Alphabet: Why Cloud Gaming Makes (Ad)Sense

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A New Challenger Approaches

Google and its parent company, Alphabet, are not companies typically associated with PC gaming. However, in 2018, Google announced a limited-time, cutting-edge game streaming platform: Project Stream. The platform used Google’s infrastructure to run a video game, Assassin’s Creed Odyssey, on cloud servers and transmitted user input and gameplay back and forth between the user and Google. This configuration ensured that, regardless of hardware specifications, users could play resource-intensive games so long as they had a stable internet connection.

While this concept of running games off-site is not new, Google’s trial demonstrated that relatively complex games could take advantage of such a system with minimal lag. Judging from user feedback, Project Stream was a resounding success. While the trial lasted just over three months, Google announced in March 2019 that it would be relaunching the platform as a permanent service under a new name: Stadia.

Stadia’s Place in the Alphabet

Rather than building out Stadia as a standalone product, Alphabet should use the platform to drive new value to its core advertising segment by collecting users’ behavioural data.

Alphabet classifies its operations into two business segments: Google and Other Bets. The latter contains emerging businesses which the company deems “not individually material,” but which have great potential in the medium to long term. While Stadia does offer the potential to generate revenue for the company, the opportunity pales in comparison to what could be unlocked by projects in Other Bets like Waymo, Alphabet’s venture into selfdriving vehicles.

To put this into perspective, the Entertainment Software Association estimates that 150 million Americans played video games regularly in 2018. If Stadia implemented a subscription model of $10 per month, Alphabet would
have to capture 10 per cent of the entire U.S. gaming market just to increase 2018 revenues by 1.3 per cent. Instead of focusing on Stadia as an immaterial revenuegenerating opportunity, Alphabet should position Stadia as an ancillary service—similar to Gmail and Google Maps— to bolster its core advertising business, which accounted for 85 per cent of 2018 revenues.

Using Stadia to Power Personalization

Video games have evolved far beyond arcade-style games like Pong and Space Invaders; many modern games give the user freedom to define the games’ objectives and ask users to make a myriad of choices to determine the games’ outcomes. Alphabet should gather data on the decisions made while playing video games through Stadia and use the collected information to better target Google’s ads. There are countless instances in a video game where players must make a choice to proceed and by keeping track of choices, Alphabet can develop a Google account-linked behavioural profile for the user.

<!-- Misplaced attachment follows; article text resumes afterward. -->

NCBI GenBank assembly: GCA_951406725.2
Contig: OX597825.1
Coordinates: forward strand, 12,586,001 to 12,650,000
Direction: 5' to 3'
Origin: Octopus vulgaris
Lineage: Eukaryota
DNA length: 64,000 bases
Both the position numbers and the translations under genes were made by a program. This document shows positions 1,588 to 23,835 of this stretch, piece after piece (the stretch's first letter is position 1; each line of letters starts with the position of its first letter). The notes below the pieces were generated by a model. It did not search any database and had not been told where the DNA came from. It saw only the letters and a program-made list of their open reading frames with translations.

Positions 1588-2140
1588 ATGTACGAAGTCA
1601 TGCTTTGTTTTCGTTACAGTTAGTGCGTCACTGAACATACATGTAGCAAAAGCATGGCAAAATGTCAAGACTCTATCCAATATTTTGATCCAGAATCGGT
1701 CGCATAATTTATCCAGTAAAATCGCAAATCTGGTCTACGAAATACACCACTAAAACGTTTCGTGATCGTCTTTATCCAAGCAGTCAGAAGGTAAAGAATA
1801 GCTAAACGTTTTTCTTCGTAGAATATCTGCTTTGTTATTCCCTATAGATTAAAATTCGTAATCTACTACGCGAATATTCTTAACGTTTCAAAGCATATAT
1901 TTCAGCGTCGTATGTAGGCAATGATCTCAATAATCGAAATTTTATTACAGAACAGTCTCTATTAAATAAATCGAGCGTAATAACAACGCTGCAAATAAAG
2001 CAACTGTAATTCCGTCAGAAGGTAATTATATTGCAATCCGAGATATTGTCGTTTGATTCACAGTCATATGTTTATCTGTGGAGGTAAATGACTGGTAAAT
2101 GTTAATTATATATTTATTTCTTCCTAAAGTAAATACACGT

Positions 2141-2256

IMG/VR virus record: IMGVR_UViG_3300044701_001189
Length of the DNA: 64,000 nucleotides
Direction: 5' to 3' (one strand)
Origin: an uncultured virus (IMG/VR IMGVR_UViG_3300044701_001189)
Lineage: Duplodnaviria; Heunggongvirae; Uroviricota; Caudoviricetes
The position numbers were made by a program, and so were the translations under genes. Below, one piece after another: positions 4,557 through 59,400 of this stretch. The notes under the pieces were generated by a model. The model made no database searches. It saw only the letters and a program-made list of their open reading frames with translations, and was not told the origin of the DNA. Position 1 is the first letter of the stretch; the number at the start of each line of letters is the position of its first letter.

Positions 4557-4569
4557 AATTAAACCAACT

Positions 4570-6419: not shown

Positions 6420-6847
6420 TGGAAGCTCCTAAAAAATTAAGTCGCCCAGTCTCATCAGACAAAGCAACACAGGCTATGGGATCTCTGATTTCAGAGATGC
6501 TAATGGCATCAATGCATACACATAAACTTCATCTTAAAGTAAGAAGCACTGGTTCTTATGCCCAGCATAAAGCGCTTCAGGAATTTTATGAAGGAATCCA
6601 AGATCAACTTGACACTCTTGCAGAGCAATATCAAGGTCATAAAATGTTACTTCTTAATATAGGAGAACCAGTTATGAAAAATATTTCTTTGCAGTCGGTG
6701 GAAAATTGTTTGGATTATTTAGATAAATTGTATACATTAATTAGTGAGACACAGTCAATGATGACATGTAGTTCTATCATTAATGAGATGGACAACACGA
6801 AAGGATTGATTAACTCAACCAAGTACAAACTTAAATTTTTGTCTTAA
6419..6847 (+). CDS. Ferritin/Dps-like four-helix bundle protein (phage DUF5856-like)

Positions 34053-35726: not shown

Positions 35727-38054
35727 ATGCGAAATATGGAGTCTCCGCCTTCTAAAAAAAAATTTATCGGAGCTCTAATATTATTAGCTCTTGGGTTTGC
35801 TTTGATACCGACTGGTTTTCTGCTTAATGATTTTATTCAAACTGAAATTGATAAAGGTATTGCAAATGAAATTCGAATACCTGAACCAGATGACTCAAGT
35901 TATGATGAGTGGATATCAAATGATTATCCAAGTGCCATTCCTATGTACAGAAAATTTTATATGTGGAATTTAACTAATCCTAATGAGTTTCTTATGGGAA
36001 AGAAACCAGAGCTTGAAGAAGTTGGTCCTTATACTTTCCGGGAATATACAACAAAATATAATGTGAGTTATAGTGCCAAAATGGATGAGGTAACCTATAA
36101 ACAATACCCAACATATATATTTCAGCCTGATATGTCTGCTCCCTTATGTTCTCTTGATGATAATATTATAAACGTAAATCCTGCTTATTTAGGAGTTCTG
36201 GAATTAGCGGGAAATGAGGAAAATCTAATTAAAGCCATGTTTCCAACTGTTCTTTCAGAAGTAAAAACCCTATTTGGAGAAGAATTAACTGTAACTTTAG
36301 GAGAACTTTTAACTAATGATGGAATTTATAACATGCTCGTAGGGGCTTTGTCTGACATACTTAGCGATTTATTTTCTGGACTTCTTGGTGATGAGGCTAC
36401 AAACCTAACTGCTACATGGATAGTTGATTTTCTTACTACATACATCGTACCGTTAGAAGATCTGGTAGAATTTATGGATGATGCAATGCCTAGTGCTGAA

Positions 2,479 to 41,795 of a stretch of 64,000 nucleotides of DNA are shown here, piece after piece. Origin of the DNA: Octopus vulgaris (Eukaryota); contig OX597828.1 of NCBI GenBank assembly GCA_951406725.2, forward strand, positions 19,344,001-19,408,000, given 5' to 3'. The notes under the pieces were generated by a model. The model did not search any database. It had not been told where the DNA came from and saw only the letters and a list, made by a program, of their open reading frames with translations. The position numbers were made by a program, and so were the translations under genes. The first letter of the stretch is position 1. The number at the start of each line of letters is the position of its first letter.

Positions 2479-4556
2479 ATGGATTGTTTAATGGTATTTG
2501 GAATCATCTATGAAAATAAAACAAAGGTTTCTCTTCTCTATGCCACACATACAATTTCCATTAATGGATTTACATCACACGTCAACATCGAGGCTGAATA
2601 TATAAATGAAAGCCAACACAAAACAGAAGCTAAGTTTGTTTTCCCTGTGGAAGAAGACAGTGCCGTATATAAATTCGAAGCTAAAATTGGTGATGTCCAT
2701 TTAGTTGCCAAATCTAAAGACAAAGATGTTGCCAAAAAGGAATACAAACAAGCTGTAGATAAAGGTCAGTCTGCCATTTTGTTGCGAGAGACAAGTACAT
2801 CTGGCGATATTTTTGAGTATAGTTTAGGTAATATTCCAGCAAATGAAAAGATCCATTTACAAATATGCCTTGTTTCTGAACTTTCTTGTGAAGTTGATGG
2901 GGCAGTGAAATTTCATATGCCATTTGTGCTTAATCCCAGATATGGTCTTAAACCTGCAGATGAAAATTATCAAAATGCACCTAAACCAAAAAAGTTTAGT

For example, a game may present players with the option to purchase either Item A or Item B. Item A is highly cosmetic but expensive and rare in the game, serving as a status symbol among players. Item B, on the other hand, is reasonably priced but common among players and practical for gameplay. In this scenario, the player’s selection could help Google determine whether an advertisement for a luxury winter coat like Canada Goose or a more accessible one like The North Face would have the highest chance of generating a sale when displayed to the player.

This data is most applicable when collected from multiplayer games with virtual economies, since in-game currency must either be purchased with real money or earned over long periods of time. With both time and money at stake, the player’s spending decision will be more deliberate and indicative of real-life behavior.

While the in-game decisions made by a player do not perfectly map to his or her exact offline behavior, the insights that can be gleaned are substantial. For example, a player’s choice of virtual race and class seems to correlate with his or her real-life political and ideological leanings. Such material insights from seemingly inconsequential in-game decisions suggest that a player’s gameplay can lead to consumer understanding that Alphabet may not otherwise have been able to obtain.

Social Network

Alphabet could also take advantage of the social aspect of online gaming to better understand shared mindsets in a community. The company currently lacks a large presence in the global social media space: Google+, meant to challenge Twitter and Facebook, recently announced it would be shutting down its consumer-facing service in April 2019 after it failed to achieve widespread use. By offering Stadia, Alphabet could gain access to the list of Google accounts with which a player associates alongside other information, including the type and frequency of communication among players. By analyzing a player’s social network, Google can make more accurate predictions about users through interests and habits shared among the group.

For example, assume Google has in-depth profiles for two users, Kayla and Sharon, whose interests are remarkably similar. Kayla and Sharon frequently play and chat with their friend Gary on the popular game Fortnite, but Google lacks a substantial amount of information about Gary’s preferences. Under this recommendation, because Kayla and Sharon share preferences and associate with Gary, Google would be able to infer that Gary shares similar interests with Kayla and Sharon.

A Virtuous Feedback Loop